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Phishing for Dollars – what can a bank do?

The email in your inbox may look like a legitimate email from your bank or credit union, complete with a logo and website address. In fact, it is the perfect forgery that is netting cybercriminals millions of dollars each year. Phishing schemes have become so sophisticated that even attentive users would be hard-pressed to detect them.

From the moment a user receives a malicious email in their inbox, the clock is ticking. Within the first hour, most users will click on links and provide their information, or open a malware-infected attachment. Once they do, their credentials are harvested to leverage or sell on the Dark Web, or their computer is infected with malicious software that can track a users’ every move.

It has gotten to a point where even the venerable lock icon in the browser is not a guarantee for safety. Cybercriminals have started to include SSL certificates on their phishing sites in an attempt to lull unsuspecting by security-minded users into providing their credentials. The report The State of Financial Phishing, also shows that there was a 14% increase in purposed registered phishing domains in the first half of 2019 compared to the same period in 2018. The number of phishing domains certified by registrars has doubled. Attackers are also not restricted by borders; attacks can originate from anywhere and make use of advanced spoofing techniques to disguise their traffic as legitimate traffic.

Cybercriminals are increasing the scale of their techniques. There is a 56% year-over-year increase in digital threats targeting financial organizations and their customers. Researchers at Zerofox found 87,900 fraud scams, with 75% of those discovered on mobile apps and social media.

Working both sides of the coin 

There are three main threats to highlight for financial organizations. These include social engineering attacks, attacks that take advantage of misconfigurations, and attacks that leverage consumer information from data breaches.

One of the major threats from data breaches is how the data is used in subsequent attacks. Attacks targeting accounts happen daily. On average, NuData found that 65% of a company’s accounts are targeted at least once every month. The most common attack is credential stuffing; where cybercriminals use automation to try out thousands of names and passwords to discover the successful combinations before taking over an account. They also steal real identities or create synthetic identities to create fraudulent accounts intended to commit credit application fraud, loan fraud, and other types of account identity theft – running up big balances with no intent to repay them, leaving the legitimate consumer holding the bag.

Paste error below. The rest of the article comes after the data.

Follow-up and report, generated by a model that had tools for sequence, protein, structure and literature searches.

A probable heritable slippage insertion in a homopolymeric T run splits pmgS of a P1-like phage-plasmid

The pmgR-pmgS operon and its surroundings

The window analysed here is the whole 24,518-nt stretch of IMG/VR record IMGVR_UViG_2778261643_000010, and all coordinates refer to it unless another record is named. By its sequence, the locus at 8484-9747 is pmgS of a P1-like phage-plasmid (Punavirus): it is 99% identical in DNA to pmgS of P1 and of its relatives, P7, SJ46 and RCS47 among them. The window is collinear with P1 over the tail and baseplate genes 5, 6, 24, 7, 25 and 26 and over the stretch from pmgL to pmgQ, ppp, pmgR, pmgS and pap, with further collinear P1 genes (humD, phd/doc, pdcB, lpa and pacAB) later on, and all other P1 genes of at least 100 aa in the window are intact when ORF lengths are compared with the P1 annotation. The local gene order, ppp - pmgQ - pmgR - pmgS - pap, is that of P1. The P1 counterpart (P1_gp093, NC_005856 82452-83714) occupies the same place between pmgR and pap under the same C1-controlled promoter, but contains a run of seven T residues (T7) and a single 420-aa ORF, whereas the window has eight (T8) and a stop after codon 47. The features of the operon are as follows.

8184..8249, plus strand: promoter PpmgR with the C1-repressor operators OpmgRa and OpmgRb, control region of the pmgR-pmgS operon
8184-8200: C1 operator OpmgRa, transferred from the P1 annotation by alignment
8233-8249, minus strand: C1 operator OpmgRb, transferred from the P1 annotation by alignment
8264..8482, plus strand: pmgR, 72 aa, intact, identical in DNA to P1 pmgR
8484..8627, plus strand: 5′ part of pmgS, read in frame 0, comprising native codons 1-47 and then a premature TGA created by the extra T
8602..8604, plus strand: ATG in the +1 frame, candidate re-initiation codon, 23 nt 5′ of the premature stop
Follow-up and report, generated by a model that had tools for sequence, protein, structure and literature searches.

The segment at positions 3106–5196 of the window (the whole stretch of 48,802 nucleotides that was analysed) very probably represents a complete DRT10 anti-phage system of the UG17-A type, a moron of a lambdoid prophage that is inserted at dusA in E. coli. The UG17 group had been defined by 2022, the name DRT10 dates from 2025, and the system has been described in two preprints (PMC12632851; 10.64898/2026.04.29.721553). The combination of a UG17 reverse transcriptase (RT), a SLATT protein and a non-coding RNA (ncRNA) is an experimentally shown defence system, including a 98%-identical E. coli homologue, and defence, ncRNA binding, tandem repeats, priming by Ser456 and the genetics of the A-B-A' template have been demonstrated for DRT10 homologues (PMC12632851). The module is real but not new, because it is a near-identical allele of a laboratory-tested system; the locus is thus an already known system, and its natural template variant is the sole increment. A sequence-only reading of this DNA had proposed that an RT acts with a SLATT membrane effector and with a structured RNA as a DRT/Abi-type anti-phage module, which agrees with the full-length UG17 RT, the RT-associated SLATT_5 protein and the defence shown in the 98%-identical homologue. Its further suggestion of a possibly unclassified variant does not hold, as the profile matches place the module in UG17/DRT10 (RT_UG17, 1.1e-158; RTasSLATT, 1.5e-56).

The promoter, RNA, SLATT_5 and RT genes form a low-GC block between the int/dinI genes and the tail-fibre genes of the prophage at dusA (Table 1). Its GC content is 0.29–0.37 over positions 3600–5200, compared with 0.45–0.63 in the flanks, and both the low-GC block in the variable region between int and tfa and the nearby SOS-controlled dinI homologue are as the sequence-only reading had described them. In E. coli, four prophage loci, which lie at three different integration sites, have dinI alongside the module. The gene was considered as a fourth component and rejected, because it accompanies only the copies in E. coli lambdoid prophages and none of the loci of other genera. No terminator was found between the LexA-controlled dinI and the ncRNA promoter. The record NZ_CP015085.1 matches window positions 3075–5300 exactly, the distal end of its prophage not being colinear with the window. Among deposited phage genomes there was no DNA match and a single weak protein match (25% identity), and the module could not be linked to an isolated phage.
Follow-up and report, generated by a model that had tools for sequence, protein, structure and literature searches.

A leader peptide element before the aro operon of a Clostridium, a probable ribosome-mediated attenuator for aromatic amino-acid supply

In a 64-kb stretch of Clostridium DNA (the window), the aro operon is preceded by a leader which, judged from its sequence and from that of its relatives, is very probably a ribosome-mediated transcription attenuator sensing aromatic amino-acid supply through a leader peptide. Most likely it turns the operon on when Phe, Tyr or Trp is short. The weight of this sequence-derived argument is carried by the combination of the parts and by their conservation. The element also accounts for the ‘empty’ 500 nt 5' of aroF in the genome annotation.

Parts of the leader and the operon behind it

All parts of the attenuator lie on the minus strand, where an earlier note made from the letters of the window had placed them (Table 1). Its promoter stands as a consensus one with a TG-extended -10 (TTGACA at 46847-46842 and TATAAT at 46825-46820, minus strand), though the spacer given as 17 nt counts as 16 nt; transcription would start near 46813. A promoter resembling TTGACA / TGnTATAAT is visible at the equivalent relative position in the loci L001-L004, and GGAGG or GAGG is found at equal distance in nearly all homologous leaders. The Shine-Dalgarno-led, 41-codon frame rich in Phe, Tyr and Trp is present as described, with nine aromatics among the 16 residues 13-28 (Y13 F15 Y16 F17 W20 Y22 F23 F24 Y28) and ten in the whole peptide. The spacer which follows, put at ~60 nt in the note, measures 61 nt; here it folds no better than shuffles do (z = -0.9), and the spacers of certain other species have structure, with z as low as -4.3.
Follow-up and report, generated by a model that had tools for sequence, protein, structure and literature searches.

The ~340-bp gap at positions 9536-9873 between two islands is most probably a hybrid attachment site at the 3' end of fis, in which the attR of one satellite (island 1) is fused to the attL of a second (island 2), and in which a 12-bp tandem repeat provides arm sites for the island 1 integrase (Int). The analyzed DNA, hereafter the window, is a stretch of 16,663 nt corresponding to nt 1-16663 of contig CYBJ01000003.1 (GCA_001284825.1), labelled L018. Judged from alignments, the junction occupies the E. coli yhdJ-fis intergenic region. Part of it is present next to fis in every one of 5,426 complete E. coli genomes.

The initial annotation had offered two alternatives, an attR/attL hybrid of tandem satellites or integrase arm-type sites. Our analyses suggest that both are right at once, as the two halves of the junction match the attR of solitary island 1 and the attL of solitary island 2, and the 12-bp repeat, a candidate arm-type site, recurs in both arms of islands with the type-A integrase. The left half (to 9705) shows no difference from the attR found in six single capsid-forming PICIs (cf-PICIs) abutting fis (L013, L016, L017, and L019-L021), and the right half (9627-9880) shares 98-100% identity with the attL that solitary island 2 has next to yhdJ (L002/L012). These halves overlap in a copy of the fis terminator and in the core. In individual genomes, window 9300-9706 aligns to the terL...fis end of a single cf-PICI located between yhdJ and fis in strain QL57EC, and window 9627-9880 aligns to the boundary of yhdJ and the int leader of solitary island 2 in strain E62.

Attackers are also increasing their efforts to blend in with other legitimate users. NuData found that spoofing behaviour went up by 550% in July compared to the previous month. This responds to a trend were bad actors know their device information is evaluated by common fraud-detection tools and that these tools can recognize a returning device that was used before for fraud. Bad actors then spoof the device information to bypass those legacy security tools that can’t recognize the information from the device and consider it new or trusted.

Similarly, this summer most attacks came from the U.S., although that doesn’t mean the actual attackers were based in the U.S. In this case, bad actors use open proxies, and infected consumer devices to pretended to be in the U.S. to mimic a legitimate location.

Locking the vault

The continued success of these attacks highlights a major flaw in user verification techniques which can be worked around for fraud purposes. Educating end users is an option for many, although nor is this enough, nor should the onus be on customers.

To defend against attackers, organizations need to take a layered approach to user authentication and use verification techniques that don’t rely solely on the credentials of the user, which could have been stolen. Instead, it is important to have a broader view of a user by adding layers that can evaluate customers based on how they behave (passive biometrics) and on who they are (physical biometrics).

Passive biometrics, a frictionless layer that looks at subtle user patterns such as how a user types or holds the device, can provide high confidence on whether a user with the correct password is indeed the legitimate user or just a fraudster. If there is high risk or suspicion of fraud, an institution should trigger further authentication of the user with techniques such as a physical biometric request: a fingerprint scan, for example, to dissipate any doubts.

With this approach, based on transparent intelligence and friction only when needed, companies can thwart bad actors with stolen credentials without adding undue friction on good users.

While phishing continues to become harder to spot – with most consumers realizing they were phished once it is too late – companies must work on improving their authentication frameworks so that user accounts are not accessible simply with a password and other credentials. User verification based on layers like passive and physical biometrics provide this security, protecting company assets while strengthening customer trust.

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